The European Union (EU) has another piece of legislation in the works that will impact the tech world significantly, Apple’s iPhone included. We learned back in December that the region’s governing body wants new regulations for batteries. Specifically, the EU wants users to be able to easily replace a smartphone battery in the future. The same goes for any electronic device that’s powered by a battery.
Fast-forward to mid-June and the EU parliament voted in favor of the new plan. While there’s certainly merit here, I absolutely don’t want to replace the iPhone battery by myself, regardless of regulations. And I think the EU should consider the massive impact such a law would have on consumer devices like the iPhone.
The reason the EU wants new battery regulations concerns the environment. The ability to replace batteries with ease would prolong the life of devices. This could reduce waste and improve how used batteries are collected and recycled. That’s all great, but it’s still a bad idea for the EU to force companies like Apple to make smartphones with user-replaceable batteries.
The new EU proposal
The language of the proposed law makes it clear that the EU envisions a world where end-users would be able to replace batteries themselves:
A portable battery should be considered to be removable by the end-user when it can be removed with the use of commercially available tools and without requiring the use of specialised tools, unless they are provided free of charge, or proprietary tools, thermal energy or solvents to disassemble it.
Commercially available tools are considered to be tools available on the market to all end-users without the need for them to provide evidence of any proprietary rights and that can be used with no restriction, except health and safety-related restrictions.
One might argue that Apple is already complying with the upcoming regulation. Apple has a repair program in place that lets you perform various types of iPhone repairs. Replacing the battery at home shouldn’t be that complicated via Apple’s Self-Service Repair program, as long as it’s available in your market.
But the process isn’t easy. I already advised against repairing your iPhone at home if you lack the experience. That was well before the news about the EU’s new battery legislation.
I still think people shouldn’t repair smartphones at home just because they can. The same goes for iPhone batteries, regardless of whether the EU enforces the law.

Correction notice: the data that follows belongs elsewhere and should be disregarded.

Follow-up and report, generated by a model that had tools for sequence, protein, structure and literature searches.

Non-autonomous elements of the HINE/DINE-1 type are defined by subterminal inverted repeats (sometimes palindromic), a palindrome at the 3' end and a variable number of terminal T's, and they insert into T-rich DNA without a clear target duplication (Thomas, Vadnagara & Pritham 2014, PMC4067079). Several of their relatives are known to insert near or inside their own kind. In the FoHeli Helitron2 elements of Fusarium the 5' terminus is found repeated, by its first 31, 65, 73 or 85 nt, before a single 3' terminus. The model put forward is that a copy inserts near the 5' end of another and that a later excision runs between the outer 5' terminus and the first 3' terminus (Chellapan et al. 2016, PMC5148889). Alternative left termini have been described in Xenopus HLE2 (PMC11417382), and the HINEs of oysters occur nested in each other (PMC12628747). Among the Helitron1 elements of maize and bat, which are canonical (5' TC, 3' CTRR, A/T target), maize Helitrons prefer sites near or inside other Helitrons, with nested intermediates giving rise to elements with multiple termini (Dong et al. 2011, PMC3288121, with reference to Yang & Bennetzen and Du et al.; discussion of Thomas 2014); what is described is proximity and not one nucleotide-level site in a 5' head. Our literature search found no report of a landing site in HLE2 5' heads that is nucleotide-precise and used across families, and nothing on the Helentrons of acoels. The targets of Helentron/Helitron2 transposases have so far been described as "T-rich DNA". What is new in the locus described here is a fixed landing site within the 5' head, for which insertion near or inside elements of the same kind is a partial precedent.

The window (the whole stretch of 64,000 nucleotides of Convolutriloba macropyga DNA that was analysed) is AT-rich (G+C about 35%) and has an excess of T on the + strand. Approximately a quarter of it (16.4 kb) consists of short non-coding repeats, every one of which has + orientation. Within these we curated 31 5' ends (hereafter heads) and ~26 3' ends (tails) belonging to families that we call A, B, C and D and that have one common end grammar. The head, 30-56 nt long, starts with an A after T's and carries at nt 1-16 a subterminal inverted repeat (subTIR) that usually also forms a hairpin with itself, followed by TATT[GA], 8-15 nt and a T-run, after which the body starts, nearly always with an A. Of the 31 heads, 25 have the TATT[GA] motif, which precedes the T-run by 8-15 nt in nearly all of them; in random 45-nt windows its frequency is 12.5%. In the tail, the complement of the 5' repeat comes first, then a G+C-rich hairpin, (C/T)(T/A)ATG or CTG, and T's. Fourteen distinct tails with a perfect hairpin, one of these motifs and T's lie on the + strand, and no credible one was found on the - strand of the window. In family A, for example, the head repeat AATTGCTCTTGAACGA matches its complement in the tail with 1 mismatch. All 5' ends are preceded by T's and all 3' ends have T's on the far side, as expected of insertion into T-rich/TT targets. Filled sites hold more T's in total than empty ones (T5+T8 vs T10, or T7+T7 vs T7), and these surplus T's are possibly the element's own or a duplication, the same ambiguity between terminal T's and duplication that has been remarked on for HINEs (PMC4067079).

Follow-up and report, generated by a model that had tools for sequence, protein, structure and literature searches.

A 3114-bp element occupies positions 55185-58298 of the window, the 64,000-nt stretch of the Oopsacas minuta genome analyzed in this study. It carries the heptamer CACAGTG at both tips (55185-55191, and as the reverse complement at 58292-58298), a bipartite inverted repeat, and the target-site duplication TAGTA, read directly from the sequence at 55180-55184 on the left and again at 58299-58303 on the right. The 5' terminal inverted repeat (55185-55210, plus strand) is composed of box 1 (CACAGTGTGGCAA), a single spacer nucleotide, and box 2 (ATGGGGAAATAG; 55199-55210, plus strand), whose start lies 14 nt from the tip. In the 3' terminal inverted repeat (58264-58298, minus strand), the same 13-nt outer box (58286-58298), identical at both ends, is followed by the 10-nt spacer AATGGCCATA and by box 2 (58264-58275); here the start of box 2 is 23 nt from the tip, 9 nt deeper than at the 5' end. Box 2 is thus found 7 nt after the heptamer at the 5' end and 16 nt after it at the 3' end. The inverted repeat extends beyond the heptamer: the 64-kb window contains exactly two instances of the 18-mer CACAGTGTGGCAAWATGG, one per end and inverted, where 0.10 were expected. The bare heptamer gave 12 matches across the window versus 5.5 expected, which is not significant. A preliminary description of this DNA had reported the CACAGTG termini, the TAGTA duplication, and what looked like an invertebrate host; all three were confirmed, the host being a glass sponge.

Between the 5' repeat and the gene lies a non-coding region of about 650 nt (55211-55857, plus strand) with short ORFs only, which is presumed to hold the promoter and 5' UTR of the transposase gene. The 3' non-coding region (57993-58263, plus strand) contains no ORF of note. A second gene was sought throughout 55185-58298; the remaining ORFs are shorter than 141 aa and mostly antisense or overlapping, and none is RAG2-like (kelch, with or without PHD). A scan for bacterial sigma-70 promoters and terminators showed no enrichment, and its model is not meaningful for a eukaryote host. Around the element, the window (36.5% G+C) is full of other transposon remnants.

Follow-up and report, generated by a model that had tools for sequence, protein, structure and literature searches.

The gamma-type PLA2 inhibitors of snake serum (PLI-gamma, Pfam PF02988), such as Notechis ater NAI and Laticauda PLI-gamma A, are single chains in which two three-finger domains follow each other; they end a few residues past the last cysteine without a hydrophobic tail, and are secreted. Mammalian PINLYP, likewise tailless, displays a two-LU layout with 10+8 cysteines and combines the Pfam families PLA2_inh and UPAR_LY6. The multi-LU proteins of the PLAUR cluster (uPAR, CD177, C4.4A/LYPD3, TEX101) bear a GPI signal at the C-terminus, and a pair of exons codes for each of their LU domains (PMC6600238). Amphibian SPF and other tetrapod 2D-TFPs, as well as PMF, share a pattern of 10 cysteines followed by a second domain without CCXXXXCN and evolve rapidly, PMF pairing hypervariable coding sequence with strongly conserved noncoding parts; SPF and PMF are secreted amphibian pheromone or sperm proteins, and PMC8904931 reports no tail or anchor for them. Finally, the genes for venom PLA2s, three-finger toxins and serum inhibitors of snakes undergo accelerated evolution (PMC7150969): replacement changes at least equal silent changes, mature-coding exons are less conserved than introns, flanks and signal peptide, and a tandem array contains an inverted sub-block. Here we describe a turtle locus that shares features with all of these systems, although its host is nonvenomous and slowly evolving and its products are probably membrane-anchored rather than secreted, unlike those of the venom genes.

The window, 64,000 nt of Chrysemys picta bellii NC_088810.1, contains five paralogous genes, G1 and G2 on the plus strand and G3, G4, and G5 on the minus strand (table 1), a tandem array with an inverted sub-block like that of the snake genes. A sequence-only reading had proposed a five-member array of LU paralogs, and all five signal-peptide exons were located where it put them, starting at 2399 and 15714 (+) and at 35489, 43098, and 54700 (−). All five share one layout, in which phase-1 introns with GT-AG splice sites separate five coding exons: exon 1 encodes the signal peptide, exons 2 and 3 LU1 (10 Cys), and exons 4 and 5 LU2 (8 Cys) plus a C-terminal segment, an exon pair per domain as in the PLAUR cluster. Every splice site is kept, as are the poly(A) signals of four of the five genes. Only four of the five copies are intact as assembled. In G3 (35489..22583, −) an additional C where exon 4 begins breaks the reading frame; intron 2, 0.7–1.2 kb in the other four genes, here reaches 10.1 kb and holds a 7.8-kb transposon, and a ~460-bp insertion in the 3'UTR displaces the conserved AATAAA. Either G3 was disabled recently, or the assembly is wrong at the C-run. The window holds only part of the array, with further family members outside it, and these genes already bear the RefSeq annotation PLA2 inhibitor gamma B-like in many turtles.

Why I don’t want to replace my iPhone battery
I have multiple reasons why I wouldn’t want to replace an iPhone battery myself.
First, I don’t want to accidentally break anything in the process. Secondly, I want the iPhone to continue to be as water-resistant as possible. And I don’t have the experience to be sure of that, even with Apple’s expensive equipment that the company ships to your home to perform the repairs.
But the way Apple handles the self-repair program might not meet the EU’s requirements. As you can see above in the EU’s wording, you should be able to replace your iPhone’s battery without specialized tools.
The iPhone never had a user-replaceable battery, and hopefully, it never will. Apple meticulously plans the internal design of the iPhone to make the most of the space available. Those design optimizations allow it to use as much space as possible for the battery.
Also, Apple designs the iPhone in such a way that it can offer dust- and water resistance. I appreciate these features, and I’d hate to see the EU impact any of them.
It’s possible that Apple might be able to continue doing that while also adhering to strict EU laws regarding battery replacement. It most certainly can. Or it will develop tech to make it possible. But then, it would likely pass those research and development costs to the consumer.
The same applies to Android phones, by the way. I wouldn’t want to dismantle an Android handset to replace the battery. And many Android devices offer dust and water resistance. Let’s remember that early Android designs from Samsung and other companies came with removable batteries. But now, all the high-end Android handsets lack user-replaceable batteries.
The EU initiative isn’t necessarily bad
If the EU ends up enforcing the new law, there will be at least one immediate benefit. iPhone battery replacement should be even faster at Apple stores. And that’s the only way I’ll replace iPhone batteries.
Better management of battery recycling would be another benefit.
Recent history shows that the EU can enforce regulations that will lead to significant changes in consumer electronics. The EU wants USB-C to be the new charging standard for mobile devices, so the iPhone 15 will most likely get a USB-C port. Similarly, the EU wants device users to install apps from any source, and iOS 17 should support sideloading in the region.
Should the proposed battery legislation become law, Apple and everyone else must find ways to design smartphones with easy-to-replace batteries. The new initiative now awaits EU Council endorsement. Then, it’ll be published in the EU Official Journal.
But, as with any other proposals, it might be years until Apple and other handset vendors will have to abide by it.